Of course re-building confidence in Deep Ellum is not going to happen overnight. The whole process of re-building a sense of community starts with actually being a part of the community. Art Prostitute is excited to be a part of it all. With each recent visit to Deep Ellum we’ve made in preparation to our move, we have already been approached by residents, business owners, and the like who greet us with warm smiles and already are making us feel welcome.

Let’s Be Careful Out There

If you happen to read this post today, while still at your office / coffee shop / babysitting gig, and have somewhere to drive… anywhere in the Metroplex, watch the hell out. The area’s finest are out en masse today, looking to hand out tickets. I’ve seen speed traps in no less than five suburbs, and at one area in east Fort Worth, there were patrolmen in the middle of the intersection, controlling traffic. If you were driving without your seat belt on, or your tags were out of date, they asked you to pull over.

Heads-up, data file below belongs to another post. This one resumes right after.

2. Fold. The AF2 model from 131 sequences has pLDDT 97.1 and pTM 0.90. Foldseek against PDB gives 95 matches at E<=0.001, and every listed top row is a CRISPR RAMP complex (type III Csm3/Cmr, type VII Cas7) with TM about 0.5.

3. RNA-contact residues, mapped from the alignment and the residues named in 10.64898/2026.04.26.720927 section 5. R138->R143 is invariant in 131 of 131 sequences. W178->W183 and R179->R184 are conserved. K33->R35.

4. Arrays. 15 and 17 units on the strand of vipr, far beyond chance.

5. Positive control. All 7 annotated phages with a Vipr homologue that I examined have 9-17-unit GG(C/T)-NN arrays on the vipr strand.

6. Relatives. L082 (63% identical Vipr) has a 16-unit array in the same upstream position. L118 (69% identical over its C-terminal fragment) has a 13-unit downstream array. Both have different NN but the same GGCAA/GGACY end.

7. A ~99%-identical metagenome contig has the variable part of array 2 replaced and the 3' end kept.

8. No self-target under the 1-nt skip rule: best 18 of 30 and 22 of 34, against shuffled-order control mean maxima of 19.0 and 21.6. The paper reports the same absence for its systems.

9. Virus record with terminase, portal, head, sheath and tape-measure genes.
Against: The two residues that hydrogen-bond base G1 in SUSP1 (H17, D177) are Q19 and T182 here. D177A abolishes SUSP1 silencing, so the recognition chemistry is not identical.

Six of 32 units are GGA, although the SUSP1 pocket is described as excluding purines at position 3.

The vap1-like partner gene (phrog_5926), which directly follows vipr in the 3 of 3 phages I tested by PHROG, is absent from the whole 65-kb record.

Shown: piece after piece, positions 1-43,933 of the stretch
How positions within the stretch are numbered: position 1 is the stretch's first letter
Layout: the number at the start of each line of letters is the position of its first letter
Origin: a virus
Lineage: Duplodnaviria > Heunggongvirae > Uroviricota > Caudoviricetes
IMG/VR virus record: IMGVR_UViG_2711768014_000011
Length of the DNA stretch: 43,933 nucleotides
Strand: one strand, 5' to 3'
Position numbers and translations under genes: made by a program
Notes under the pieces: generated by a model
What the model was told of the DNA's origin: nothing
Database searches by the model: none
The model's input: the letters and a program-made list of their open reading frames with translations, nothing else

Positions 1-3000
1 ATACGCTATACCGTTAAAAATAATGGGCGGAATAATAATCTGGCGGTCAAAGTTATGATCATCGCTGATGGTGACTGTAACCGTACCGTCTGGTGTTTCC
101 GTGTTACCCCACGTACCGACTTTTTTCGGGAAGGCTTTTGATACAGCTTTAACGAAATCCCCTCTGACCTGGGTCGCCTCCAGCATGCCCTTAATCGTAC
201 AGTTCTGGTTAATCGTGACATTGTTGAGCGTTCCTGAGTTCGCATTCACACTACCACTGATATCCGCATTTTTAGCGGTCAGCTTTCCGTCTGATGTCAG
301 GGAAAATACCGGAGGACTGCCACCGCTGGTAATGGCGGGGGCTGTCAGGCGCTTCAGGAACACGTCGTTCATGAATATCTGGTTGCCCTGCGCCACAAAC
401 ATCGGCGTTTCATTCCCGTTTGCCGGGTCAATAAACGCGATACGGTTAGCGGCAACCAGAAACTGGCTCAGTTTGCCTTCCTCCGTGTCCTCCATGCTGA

No, I didn’t get nicked. Thanks for asking. (Knocks on wood. A LOT OF IT.)

Danks, Mis’r Pep’Mint…

If you grew up in the area in the late ’60s – mid ’70s, you were likely glued to the television set in the morning while your parents haplessly tried to get you to eat your oatmeal and get dressed for school. You were watching one of three shows: “Romper Room” on KERA 13, “Slam Bang Theatre” on KTVT 11, or “Mr. Peppermint’s Place” on WFAA 8.

Jerry Haynes put on the red-and-white-striped suit to entertain children through the magic box for 35 years. Along with Muffin the Bear and Mr. Wiggly Worm, Mr. Peppermint was a touchstone for kids nationwide (the show was syndicated to over 100 markets through the mid-90s).

“Mr. Peppermint’s Place” aired its last show in 1996, but Haynes still holds a special place in the hearts of everyone who watched him (and will gear up in the candy-cane outfit every now and then for appearances and whatnot).